this wrangling and contention. This I take God, the Searcher of
hearts, to witness.

I tell these things to the end that, if thou shalt read my books,
thou mayest know and remember that I am one of those who, as St.
Augustine says of himself, have grown by writing and by teaching
others, and not one of those who, starting with nothing, have in a
trice become the most exalted and most learned doctors. We find,
alas! many of these self-grown doctors; who in truth are nothing,
do nothing and accomplish nothing, are moreover untried and
inexperienced, and yet, after a single look at the Scriptures,
think themselves able wholly to exhaust its spirit.

Farewell, dear reader, in the Lord. Pray that the Word may be
further spread abroad, and may be strong against the miserable
devil. For he is mighty and wicked, and just now is raving
everywhere and raging cruelly, like one who well knows and feels
that his time is short, and that the kingdom of his Vicar, the
Antichrist in Rome, is sore beset. But may the God of all grace
and mercy strengthen and complete in us the work He has begun, to
His honor and to the comfort of His little flock. Amen.

Thursday, February 08, 2007

Bad boy Luther

I have been thinking on what a friend of mine said... about Luther

I meant that they[Luther and the Reformers] should have stopped after being warned in Exsurge Domine to cease their publications and public preaching.

That's what I meant about my being pragmatic. It seems like a surrender, to back down from the threat of excommunication, but the Church had had its bleak periods before, the biggest one I can think of being the Arian heresy, which overtook most of the Church, and most of her leadership. It was the Lord's hand that saved the Church. So if it is a surrender, it is a surrender to God's reliable providence and pastoring. And no better healing can have ever been had.

Tragically, Luther did feel that it would take the Lord's hand to resolve the corruption he saw, but he just couldn't stand by and wait.
I wonder if in the Arian controversy, Jeff would be willing to have adopted the same attitude - just be quiet - let God sort it out. When false teaching is happening in the body of Christ, controversy and debate should never stop. In my thinking this is part and parcel of God putting us in line.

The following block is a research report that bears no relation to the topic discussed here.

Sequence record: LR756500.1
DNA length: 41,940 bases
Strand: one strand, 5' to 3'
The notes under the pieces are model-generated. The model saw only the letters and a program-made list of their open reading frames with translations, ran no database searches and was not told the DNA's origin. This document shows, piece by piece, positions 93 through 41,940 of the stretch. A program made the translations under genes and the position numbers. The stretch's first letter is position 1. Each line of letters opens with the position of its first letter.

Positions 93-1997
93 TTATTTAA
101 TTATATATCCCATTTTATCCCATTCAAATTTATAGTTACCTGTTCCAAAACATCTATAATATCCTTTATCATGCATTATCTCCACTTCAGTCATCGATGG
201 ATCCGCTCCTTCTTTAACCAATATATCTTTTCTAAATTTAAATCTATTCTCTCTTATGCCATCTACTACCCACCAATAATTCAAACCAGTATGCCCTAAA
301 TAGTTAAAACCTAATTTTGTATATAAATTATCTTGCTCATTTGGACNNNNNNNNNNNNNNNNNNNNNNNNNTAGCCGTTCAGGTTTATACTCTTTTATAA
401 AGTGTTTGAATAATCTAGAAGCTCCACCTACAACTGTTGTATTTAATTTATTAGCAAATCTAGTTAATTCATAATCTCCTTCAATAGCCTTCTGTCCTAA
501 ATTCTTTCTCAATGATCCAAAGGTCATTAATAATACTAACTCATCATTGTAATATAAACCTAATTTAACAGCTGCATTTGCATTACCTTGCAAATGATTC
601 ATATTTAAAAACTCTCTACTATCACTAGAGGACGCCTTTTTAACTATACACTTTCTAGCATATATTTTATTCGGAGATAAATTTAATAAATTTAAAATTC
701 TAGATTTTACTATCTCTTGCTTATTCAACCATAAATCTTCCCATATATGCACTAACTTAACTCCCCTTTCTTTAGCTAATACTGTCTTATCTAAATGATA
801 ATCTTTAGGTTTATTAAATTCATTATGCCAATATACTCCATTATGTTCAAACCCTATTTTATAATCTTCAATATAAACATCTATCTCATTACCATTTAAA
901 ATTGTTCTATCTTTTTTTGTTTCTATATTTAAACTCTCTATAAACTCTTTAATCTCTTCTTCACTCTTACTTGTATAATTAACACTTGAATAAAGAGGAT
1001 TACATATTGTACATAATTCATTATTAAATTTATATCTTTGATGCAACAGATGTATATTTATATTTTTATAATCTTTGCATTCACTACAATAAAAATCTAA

Jeff speaks of surrender, so surrender to false teaching then? So Luther is a bad boy, he should have recanted on some of his assertions like...

25. The Roman Pontiff, the successor of Peter, is not the vicar of Christ over all the churches of the entire world, instituted by Christ Himself in blessed Peter.
28. If the pope with a great part of the Church thought so and so, he would not err; still it is not a sin or heresy to think the contrary, especially in a matter not necessary for salvation, until one alternative is condemned and another approved by a general Council.
33. That heretics be burned is against the will of the Spirit.
35. No one is certain that he is not always sinning mortally, because of the most hidden vice of pride.
37. Purgatory cannot be proved from Sacred Scripture which is in the canon[church laws?].
Point 25 is very evident that the Councils like that in Carthage 419 and on wards did not consider the Bishop of Rome as he Vicar of Christ over all the churches of the entire world. The EO never believed it and so did the early Christians. Point 28 is obvious because all men are sinners and therefore may err. Simple logic will dictate that if we believe the Pope is a human being too. Well for point 33, as a Christian - you think for yourself , you figure it out- should we burn those who disagree with us? Did the early Christians burn the Arians or the Donatists? I wonder. Point 35 is again just stating what the Bible says - 1 John 1:7-8. Point 37 was never believed by the early Christians either.

To do what the Exsurge says is to accept erroneous teaching (at least from Luther's eyes), in otherwords, to comply meant a recantation. Thus he would have to agree that the Pope was the Vicar of Christ for all churches, he would have to agree that the Pope never errs etc etc.

So Luther was the bad boy for not complying, but what about the Papacy for teaching the sale of indulgences, this was not bad?

I wonder, are we not calling good evil and evil good here? I am just thinking...

Tuesday, February 06, 2007

Desanctis II on Layers

Was Desanctis another Alberto Rivera? I am not yet that convinced that he was, so I am willing to give the benefit of the doubt and reserve my judgements till proven otherwise. Rivera died just about 10 years ago, while Desanctis died 100+ years ago. Click here for some info about him, this link at least confirms that he was indeed a former RC priest who held an important office in the RCC in the mid 1800s.